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Nov 27th
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Cover Stories

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George Ow’s Chinatown

George Ow’s Chinatown

An excerpt from ‘Santa Cruz is in the Heart Vol. II’

In the spring when the willows and chickens grew fat again and the plum trees blossomed pink and white in the Chinatown yards near the river, the old man with the scruffy beard and tobacco breath sat back in the quiet splendor of the warm April sun and watched with great delight the group of young children playing at his feet.

Far off in the distance, he could hear the children’s grandmother, Gue Shee Lee, turning over the soil of her garden, and the San Lorenzo River tumbling gently through the town. He could smell the fish drying on the porches and the herbs from the kitchens and the faint, sweet wisps of Chinese tobacco in the air. The world had changed many times in his life he thought, as he watched the scene unfolding before him, and it would change many times more before he was gone.

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Courage Under Bombs

Courage Under Bombs

One family's mind-bending journey to survive war is captured in candid email exchanges between a Santa Cruzan and a Syrian woman. A GT exclusive.

The last time Santa Cruz’s June Magnaldi visited Syria in 2011, she sat comfortably with her friends sipping tea on the balcony of their second-floor apartment, overlooking a small city street of Homs, the third-largest city in the country. Nearby, a tall green cypress tree reached toward the sky above the neighborhood of Christians and Muslims. June exchanged stories with Suha, a university graduate of literary studies who had become a teacher and whose family ties to Syria go back 1,000 years. The two friends recalled the time they had met 10 years before at Mar Musa Monastery, deep in the silent Syrian desert. June had ventured there to visit, “this beautiful monastery above the desert, open to all faiths and nationalities.” Suha told GT that Mar Musa is “heaven on Earth” and she had gone there “to be away from the city’s moral and actual pollution. I spent three days there and most of the time was with June.”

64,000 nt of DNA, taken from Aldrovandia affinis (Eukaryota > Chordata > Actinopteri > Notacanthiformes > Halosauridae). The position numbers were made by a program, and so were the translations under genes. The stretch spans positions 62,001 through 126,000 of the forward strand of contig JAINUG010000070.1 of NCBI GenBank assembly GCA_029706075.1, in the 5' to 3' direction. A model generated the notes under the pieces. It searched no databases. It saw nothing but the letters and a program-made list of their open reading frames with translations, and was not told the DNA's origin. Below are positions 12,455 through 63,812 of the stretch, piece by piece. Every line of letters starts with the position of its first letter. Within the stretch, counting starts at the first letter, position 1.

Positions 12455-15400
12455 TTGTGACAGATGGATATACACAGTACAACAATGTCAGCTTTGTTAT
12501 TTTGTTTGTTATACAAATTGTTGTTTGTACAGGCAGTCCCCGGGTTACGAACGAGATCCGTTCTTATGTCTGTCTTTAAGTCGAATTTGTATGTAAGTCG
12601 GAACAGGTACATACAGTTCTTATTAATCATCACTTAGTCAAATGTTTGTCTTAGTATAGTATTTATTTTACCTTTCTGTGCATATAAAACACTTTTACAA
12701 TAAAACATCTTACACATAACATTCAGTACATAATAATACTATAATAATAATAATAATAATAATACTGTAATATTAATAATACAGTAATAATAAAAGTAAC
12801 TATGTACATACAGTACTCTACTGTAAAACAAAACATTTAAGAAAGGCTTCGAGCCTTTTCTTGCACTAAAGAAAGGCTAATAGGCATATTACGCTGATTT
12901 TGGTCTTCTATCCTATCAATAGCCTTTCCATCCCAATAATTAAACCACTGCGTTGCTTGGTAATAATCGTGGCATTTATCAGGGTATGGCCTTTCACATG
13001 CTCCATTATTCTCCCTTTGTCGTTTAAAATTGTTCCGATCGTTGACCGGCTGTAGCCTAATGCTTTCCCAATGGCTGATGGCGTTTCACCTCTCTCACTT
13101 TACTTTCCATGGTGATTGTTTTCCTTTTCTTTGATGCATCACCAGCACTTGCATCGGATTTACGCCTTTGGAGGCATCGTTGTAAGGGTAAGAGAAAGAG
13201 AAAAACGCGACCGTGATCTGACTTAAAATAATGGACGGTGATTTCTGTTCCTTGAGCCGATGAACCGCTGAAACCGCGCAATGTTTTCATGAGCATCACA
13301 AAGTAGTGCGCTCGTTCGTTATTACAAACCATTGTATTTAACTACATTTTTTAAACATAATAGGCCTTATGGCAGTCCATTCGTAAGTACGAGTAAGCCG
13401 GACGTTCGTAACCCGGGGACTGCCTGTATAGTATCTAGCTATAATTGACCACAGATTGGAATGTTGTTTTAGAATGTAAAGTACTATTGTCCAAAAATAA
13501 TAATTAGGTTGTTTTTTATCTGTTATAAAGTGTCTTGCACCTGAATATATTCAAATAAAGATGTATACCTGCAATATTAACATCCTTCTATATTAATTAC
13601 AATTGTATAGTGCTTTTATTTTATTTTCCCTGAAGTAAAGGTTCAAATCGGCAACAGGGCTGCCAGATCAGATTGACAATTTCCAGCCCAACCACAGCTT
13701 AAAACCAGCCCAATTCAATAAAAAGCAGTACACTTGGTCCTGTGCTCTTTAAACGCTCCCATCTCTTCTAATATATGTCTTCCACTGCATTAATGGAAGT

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Let Them Eat Fashion

Let Them Eat Fashion

Fashion and art merge together in one of the most festive artistic events of the season.

Behold: FashionArt Santa Cruz 2013.

The definition of strut: “To display in order to impress others.”

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Blasphemy

Blasphemy

…And Other esoteric Musings Await in our Big, Luscious Fall Lit Preview, Featuring Award Winner Sherman Alexie

+ The Six Books (and authors) That Top Our Must-Read List This Season

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Gangaji

Gangaji

In GT’s Living Legends series, one of the most revered spiritual teachers on the planet opens up about self-inquiry and much more. PLUS: The impetus behind her return to Santa Cruz after 20 years.

Stop for a moment; notice what you’re thinking. Where do thoughts come from? What is present when there are no thoughts? This direct questioning is called self-inquiry. It’s an ancient and profound action that, according to many spiritual leaders, brings us in direct contact with what is rather than clinging to concepts that represent what is.